Each of these petitions for certiorari raised the same issue in a different factual context. Each challenged the so-called Williamson County state litigation requirement for takings claims under the Fifth Amendment. In Colony Cove Supreme Court review was sought of a decision by the Ninth Circuit; in Downing/Salt Pond Partners a decision by the First Circuit is at issue. In each case the Federal Court of Appeals affirmed the dismissal of the petitioner’s takings claims on the ground that Williamson County requires the matter to be litigated in state court. In Williamson County Planning Comm’n v. Hamilton Bank, 473 U.S. 172 (1985), the Supreme Court ruled that, when asserted against a state authority, a takings claim under the Fifth Amendment is not ripe to be heard in federal court until there has been a final decision denying just compensation to the complaining property owner. (As the Supreme Court pointed out in Williamson County the Fifth Amendment does not forbid the government from taking private property for a public purpose; it only forbids the taking of private property without the payment of just compensation. Therefore, the Williamson County majority concluded, there can be no federal claim until there has been a final state decision on compensation.)
The ripeness requirement of Williamson County has led to the following anomalous result. Under Williamson County no state takings claim could be ripe for federal adjudication until it has been fully litigated in state court. (This is the so-called “state litigation requirement.”) But, as the Supreme Court expressly recognized in San Remo Hotel L.P. v. City and County of San Francisco, California,545 U.S. 323 (2005), once a state-based takings claim has been fully litigated in state court, it cannot be re-litigated in federal court. See, e.g., the federal full faith and credit statute, 28 U.S.C. § 1738.) The upshot has been that, unlike any other federal or constitutional right, a property owner’s rights under the Takings Clause of the Fifth Amendment can never be litigated in federal court against a state defendant. The only chance for federal review of a state taking of private property—either pursuant to eminent domain or a regulatory taking—is via a petition for certiorari to the United States Supreme Court.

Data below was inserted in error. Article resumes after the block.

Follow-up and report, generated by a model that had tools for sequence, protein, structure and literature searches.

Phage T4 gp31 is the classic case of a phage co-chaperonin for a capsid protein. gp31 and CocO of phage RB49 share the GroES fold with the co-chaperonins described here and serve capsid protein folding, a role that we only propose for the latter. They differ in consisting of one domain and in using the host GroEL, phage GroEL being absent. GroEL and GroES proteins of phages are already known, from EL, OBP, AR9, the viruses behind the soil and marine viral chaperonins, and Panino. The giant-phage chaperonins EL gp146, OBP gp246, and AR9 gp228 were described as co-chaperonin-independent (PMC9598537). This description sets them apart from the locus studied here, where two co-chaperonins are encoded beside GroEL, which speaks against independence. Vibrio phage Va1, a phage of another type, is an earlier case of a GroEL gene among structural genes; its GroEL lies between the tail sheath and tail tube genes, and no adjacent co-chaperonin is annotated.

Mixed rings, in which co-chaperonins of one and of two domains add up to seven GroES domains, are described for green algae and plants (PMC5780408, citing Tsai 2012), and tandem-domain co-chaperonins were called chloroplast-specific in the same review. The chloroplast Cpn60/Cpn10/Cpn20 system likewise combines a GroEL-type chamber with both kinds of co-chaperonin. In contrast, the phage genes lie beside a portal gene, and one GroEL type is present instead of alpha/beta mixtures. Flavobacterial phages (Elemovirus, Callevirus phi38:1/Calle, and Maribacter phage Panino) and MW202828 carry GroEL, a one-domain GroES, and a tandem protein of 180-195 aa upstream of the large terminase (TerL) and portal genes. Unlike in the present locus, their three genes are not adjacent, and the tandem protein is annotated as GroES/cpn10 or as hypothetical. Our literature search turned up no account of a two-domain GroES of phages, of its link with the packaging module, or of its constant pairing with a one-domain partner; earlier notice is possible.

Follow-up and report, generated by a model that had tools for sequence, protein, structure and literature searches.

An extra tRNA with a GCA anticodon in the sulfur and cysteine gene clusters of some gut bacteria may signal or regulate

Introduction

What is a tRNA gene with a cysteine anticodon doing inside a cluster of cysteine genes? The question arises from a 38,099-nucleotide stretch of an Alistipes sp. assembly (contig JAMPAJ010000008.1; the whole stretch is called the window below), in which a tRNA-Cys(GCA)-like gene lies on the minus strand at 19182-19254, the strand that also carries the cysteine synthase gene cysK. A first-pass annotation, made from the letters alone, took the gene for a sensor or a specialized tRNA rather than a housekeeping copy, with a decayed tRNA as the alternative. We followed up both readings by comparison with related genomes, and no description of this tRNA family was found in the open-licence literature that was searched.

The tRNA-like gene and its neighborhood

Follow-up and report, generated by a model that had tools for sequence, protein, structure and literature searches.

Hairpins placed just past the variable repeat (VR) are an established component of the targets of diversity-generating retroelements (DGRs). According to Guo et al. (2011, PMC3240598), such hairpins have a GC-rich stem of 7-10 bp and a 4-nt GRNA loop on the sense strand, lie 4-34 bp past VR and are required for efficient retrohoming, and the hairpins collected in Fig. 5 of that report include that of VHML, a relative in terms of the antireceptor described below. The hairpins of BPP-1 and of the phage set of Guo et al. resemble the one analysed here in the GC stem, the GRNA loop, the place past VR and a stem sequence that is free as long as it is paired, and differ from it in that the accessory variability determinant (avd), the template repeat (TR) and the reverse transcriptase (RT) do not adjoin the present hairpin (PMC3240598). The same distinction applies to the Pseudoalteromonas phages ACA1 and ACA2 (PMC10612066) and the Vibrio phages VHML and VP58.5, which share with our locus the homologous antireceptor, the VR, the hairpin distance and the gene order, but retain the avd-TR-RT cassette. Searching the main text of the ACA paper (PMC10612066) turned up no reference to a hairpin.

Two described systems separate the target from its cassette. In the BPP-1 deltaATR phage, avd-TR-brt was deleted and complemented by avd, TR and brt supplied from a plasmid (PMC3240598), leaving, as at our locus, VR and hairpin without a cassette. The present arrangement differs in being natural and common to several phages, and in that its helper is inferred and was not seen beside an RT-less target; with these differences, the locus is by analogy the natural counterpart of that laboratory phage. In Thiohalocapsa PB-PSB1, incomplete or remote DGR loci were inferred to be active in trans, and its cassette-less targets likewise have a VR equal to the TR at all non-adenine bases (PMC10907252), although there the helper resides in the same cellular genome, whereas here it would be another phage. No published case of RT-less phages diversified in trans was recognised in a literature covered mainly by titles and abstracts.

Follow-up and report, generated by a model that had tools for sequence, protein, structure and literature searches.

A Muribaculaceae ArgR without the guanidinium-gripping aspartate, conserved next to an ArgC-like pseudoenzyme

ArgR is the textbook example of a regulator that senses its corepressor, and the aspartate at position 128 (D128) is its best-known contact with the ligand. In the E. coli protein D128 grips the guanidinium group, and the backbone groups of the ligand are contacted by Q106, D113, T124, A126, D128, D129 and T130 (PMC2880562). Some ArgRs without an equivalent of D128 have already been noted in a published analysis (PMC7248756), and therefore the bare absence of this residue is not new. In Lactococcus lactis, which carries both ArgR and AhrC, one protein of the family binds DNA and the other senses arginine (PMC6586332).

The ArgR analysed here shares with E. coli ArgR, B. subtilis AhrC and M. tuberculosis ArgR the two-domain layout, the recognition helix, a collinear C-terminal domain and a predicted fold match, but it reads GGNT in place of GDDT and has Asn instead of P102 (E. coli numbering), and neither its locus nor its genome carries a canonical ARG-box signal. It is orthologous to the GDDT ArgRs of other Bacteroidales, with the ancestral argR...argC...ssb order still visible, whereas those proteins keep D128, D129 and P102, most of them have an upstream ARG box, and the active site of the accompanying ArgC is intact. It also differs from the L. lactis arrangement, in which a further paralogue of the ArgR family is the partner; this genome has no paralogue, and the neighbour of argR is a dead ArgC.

In San Remo, former Chief Justice Rehnquist wrote a concurring opinion, in which three other justices joined. The four justices called for a reexamination of the Williamson County state litigation requirement. These two petitions for certiorari presented the issue in a relatively pure form, and NELF, joined by other amici, urged the Court, in each case, to heed Chief Justice Rehnquist’s suggestion and seize the opportunity these cases present to look once again at its holding in Williamson County and its, perhaps unintended, denial of access to federal courts for one of the most fundamental federal rights, that forbidding a governmental body to take property for a pubic purpose without just compensation.
Despite NELF’s arguments, and the fact that this issue has continued to present problems for property owners in New England and throughout the United States, the Supreme Court denied certiorari in both cases. This indicates that, despite the former Chief Justice’s suggestion in San Remo, the Court has no present intention of revisiting the Williamson County rule.